Rishi Sunak has become engaged in a row with the Climate Change Committee as the advisers claimed his watering down of Net Zero measures will hike costs for families and increase the risk of Britain failing to meet its 2050 target. The Mail has the story.
The Climate Change Committee, an independent body that advises the Government on emissions targets, was scathing of the Prime Minister’s recent action.
Mr. Sunak last month announced he was pushing back the ban on new petrol and diesel vehicles to 2035 and scrapping plans to force landlords to improve the energy efficiency of their properties.
The PM also promised a new exemption for around one-fifth of households from having to replace their gas boilers with low-carbon alternatives.
He claimed his action would save households up to £15,000 over the coming years, while Mr. Sunak insisted Britain would still meet its Net Zero target by 2050.
But, in a new assessment published this afternoon, the CCC blasted the Government for not providing evidence for those claims.
“Recent policy announcements were not accompanied by estimates of their effect on future emissions, nor evidence to back the Government’s assurance that the U.K.’s targets will still be met,” said Professor Piers Forster, chair of the CCC.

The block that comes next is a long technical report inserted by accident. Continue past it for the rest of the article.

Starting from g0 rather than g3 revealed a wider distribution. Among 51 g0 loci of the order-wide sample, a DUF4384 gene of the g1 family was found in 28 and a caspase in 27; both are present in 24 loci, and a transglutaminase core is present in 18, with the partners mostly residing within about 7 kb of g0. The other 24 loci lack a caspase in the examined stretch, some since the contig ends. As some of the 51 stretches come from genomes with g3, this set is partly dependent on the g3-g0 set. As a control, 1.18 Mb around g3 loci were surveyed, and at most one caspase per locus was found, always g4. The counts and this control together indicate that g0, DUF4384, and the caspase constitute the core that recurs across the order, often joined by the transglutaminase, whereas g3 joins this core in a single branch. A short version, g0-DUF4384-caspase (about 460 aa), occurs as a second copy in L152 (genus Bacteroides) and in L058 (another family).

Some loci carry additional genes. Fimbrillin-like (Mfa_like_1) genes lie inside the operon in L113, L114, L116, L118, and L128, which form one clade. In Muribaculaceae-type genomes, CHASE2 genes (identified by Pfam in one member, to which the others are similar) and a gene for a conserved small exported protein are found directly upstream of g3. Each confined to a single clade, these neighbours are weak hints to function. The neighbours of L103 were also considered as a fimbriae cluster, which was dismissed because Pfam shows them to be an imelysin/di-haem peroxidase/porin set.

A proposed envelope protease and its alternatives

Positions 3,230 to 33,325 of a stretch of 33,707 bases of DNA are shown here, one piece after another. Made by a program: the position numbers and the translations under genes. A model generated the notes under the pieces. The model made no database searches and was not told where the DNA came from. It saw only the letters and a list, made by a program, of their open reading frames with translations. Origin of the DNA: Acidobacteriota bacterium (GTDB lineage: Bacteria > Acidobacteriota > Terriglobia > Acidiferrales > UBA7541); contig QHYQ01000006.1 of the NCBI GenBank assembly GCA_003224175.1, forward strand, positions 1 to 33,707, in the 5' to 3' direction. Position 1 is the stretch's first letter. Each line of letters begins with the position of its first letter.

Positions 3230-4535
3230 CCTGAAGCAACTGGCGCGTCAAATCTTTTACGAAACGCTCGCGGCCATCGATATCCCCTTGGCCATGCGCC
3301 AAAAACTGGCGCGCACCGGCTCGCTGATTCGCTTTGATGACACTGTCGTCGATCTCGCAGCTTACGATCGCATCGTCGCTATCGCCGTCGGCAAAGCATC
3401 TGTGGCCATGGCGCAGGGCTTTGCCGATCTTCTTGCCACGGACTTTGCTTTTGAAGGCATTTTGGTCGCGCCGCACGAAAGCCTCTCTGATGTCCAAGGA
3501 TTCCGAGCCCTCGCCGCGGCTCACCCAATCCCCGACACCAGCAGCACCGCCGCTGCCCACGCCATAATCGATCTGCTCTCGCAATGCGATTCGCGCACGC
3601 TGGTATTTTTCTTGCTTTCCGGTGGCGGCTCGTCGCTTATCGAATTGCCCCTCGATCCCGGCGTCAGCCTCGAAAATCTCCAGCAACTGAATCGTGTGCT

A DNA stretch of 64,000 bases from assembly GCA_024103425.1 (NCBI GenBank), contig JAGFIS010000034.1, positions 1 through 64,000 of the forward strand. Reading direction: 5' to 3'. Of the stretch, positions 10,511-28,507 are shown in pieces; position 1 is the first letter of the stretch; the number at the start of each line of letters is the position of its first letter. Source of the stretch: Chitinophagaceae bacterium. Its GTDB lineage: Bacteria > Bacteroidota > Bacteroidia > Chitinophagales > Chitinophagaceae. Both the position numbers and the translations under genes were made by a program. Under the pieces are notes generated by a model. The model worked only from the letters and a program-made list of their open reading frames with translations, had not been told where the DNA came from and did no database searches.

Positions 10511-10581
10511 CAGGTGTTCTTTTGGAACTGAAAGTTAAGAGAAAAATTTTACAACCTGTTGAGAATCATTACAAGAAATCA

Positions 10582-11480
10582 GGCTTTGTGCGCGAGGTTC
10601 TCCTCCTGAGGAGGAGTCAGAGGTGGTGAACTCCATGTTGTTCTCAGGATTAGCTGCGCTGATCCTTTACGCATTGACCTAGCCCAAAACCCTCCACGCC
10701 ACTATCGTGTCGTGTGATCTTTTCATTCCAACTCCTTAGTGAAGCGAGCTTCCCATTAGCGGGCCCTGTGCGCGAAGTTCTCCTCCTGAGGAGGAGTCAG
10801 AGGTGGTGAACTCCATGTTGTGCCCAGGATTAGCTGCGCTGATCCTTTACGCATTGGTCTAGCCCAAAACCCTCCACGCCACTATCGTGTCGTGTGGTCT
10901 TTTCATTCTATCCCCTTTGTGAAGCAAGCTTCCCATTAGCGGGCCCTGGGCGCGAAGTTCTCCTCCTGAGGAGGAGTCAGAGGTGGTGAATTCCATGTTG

“We urge the Government to adopt greater transparency in updating its analysis at the time of major announcements.”
The assessment warned the PM’s cancellation of some Net Zero measures was “likely to increase both energy bills and motoring costs for households”.
“Electric vehicles will be significantly cheaper than petrol and diesel vehicles to own and operate over their lifetimes, so any undermining of their roll-out will ultimately increase costs,” it added.
“The cancellation of regulations on the private-rented sector will lead to higher household energy bills.”
The CCC estimated that, due to current high energy bills, households could be paying £325 extra a year without landlords being compelled to make properties more energy efficient.
Mr. Sunak last month announced he was increasing grants for heat pumps from £5,000 to £7,500, but the CCC said this “has not been accompanied by a larger budget and will, therefore, serve fewer homes”.
They also stated that the new exemption to the planned phase-out of gas boilers could see “significant residual emissions from buildings in 2050”.
The CCC said it remained “concerned” about the likelihood of Britain meeting its future climate targets, including an aim – agreed under the UN process – for a 68% reduction in emissions by 2030, compared to 1990 levels.
Prof. Forster said: “We remain concerned about the likelihood of achieving the U.K.’s future targets, especially the substantial policy gap to the U.K.’s 2030 goal.
“Around a fifth of the required emissions reductions to 2030 are covered by plans that we assess as insufficient.”
Worth reading in full.